Interest in skin care supplements, or beauty foods, has been strong in Asia, and that trend is growing fast in Europe as well. These nutrient-rich beauty foods make a good case for starting a beauty regime from within, one that is designed to prevent or reduce the effects of aging, like sagging skin.
Some products on the market for skin care include a supplement containing lacto-lycopene, vitamin C, and soy isoflavones. This is aimed at restoring firmness to the skin for women over 40 and was developed by Nestle and L’Oreal. Others have been developed using lycopene and grape seed extract, both antioxidants. Grape seed extract also stops enzymatic reactions that lead to collagen in the skin being broken down.
Antioxidants protect the capillaries in the skin and thus ensure that enough nutrients get to the living cells that eventually push their way to the surface and become the skin you see in the mirror. They also protect from broken veins and early wrinkling. Capillaries also deliver oxygen to the cells and remove the waste products of cellular metabolism. This prevents puffy, sagging, and dull skin.
But you don’t always need to reach for a bottle of supplements. Simply by eating more antioxidant-rich food on a daily basis should see some improvement in skin tone. Fruits rich in antioxidants include blueberries, prunes, blackberries, raspberries, strawberries, apples, cherries, and plums. And of the vegetables, eat more artichokes, broccoli, red cabbage, Pontiac potatoes, brown onions, asparagus, non-green capsicum, beetroot, spinach and sweet potatoes.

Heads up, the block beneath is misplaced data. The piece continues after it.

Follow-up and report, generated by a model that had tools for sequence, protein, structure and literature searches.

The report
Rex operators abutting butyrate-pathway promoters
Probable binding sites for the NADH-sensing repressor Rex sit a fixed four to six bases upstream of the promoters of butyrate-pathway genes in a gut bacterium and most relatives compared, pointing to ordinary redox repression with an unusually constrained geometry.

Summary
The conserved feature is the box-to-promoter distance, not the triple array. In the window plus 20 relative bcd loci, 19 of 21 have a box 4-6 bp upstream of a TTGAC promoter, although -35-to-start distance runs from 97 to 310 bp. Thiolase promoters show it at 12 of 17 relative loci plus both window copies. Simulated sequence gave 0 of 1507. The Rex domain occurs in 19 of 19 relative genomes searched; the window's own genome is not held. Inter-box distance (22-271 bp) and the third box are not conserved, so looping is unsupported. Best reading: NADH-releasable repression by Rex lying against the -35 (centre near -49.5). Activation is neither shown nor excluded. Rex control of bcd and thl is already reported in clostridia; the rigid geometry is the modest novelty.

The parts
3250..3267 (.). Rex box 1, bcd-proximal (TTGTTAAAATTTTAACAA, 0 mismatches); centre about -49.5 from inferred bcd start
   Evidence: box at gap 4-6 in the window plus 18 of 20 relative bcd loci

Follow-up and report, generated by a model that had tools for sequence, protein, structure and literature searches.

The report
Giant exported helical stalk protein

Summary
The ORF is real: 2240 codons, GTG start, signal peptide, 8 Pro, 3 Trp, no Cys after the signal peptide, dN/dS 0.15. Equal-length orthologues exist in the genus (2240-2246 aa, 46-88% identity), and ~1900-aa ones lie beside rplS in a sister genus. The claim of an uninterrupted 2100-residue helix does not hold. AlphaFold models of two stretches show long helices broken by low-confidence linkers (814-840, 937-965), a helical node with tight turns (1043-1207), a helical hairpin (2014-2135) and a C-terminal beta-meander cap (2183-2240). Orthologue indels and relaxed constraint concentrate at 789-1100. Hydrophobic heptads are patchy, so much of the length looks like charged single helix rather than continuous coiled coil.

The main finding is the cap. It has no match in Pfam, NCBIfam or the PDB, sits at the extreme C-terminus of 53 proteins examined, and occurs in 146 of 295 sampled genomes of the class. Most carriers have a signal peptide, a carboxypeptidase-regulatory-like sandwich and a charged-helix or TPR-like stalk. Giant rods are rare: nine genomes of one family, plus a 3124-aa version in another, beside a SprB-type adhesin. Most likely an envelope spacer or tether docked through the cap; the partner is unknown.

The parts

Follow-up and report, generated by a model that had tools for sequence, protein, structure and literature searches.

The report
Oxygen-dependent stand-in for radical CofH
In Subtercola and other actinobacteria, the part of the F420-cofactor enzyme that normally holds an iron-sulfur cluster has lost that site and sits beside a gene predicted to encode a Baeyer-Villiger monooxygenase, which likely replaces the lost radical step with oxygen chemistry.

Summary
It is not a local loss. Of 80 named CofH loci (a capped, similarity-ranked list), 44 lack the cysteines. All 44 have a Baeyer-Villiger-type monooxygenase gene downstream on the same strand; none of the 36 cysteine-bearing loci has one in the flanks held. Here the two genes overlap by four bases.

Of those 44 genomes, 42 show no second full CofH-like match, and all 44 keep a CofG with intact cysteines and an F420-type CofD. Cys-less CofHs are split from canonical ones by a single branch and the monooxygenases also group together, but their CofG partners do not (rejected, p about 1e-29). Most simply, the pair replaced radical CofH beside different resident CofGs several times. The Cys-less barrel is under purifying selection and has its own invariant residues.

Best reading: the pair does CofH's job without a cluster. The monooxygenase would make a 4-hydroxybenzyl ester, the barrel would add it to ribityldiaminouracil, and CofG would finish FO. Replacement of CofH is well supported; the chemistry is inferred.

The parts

Women are more prone to the damage caused by antioxidants than men, according to research from the University of Berkeley, and hence possibly their aging effects (Angyal).
Another strong antioxidant is beta-carotene. Beta-carotene is found in green leafy vegetables, fruit, and carrots. This antioxidant has been found to counteract the effects of a particular type of oxygen free radical, singlet oxygen, which occurs after the skin is exposed to UV radiation in sunlight. UV exposure can lead to premature aging by the effects of singlet oxygen. A study found that whilst the provitamin A aspect of the carotenoid did not combat the singlet oxygen, the beta-carotene did. It prevented the action of two enzymes, associated with UV light and the destruction of the skin cell’s extracellular matrix, which happens in premature aging of the skin. Sunlight also destroys beta-carotene in cells after sun exposure, so this beta-carotene has to be replaced.
Beta-carotene has been reported as having a mild sunscreen effect too, though it needs to be taken as a supplement to get this effect.
The skin care supplement beauty market is still not a strongly developed one, however, as these types of supplements tend to be more expensive than other supplements. And there needs to be more research and clinical trials to prove which products do what they are designed to.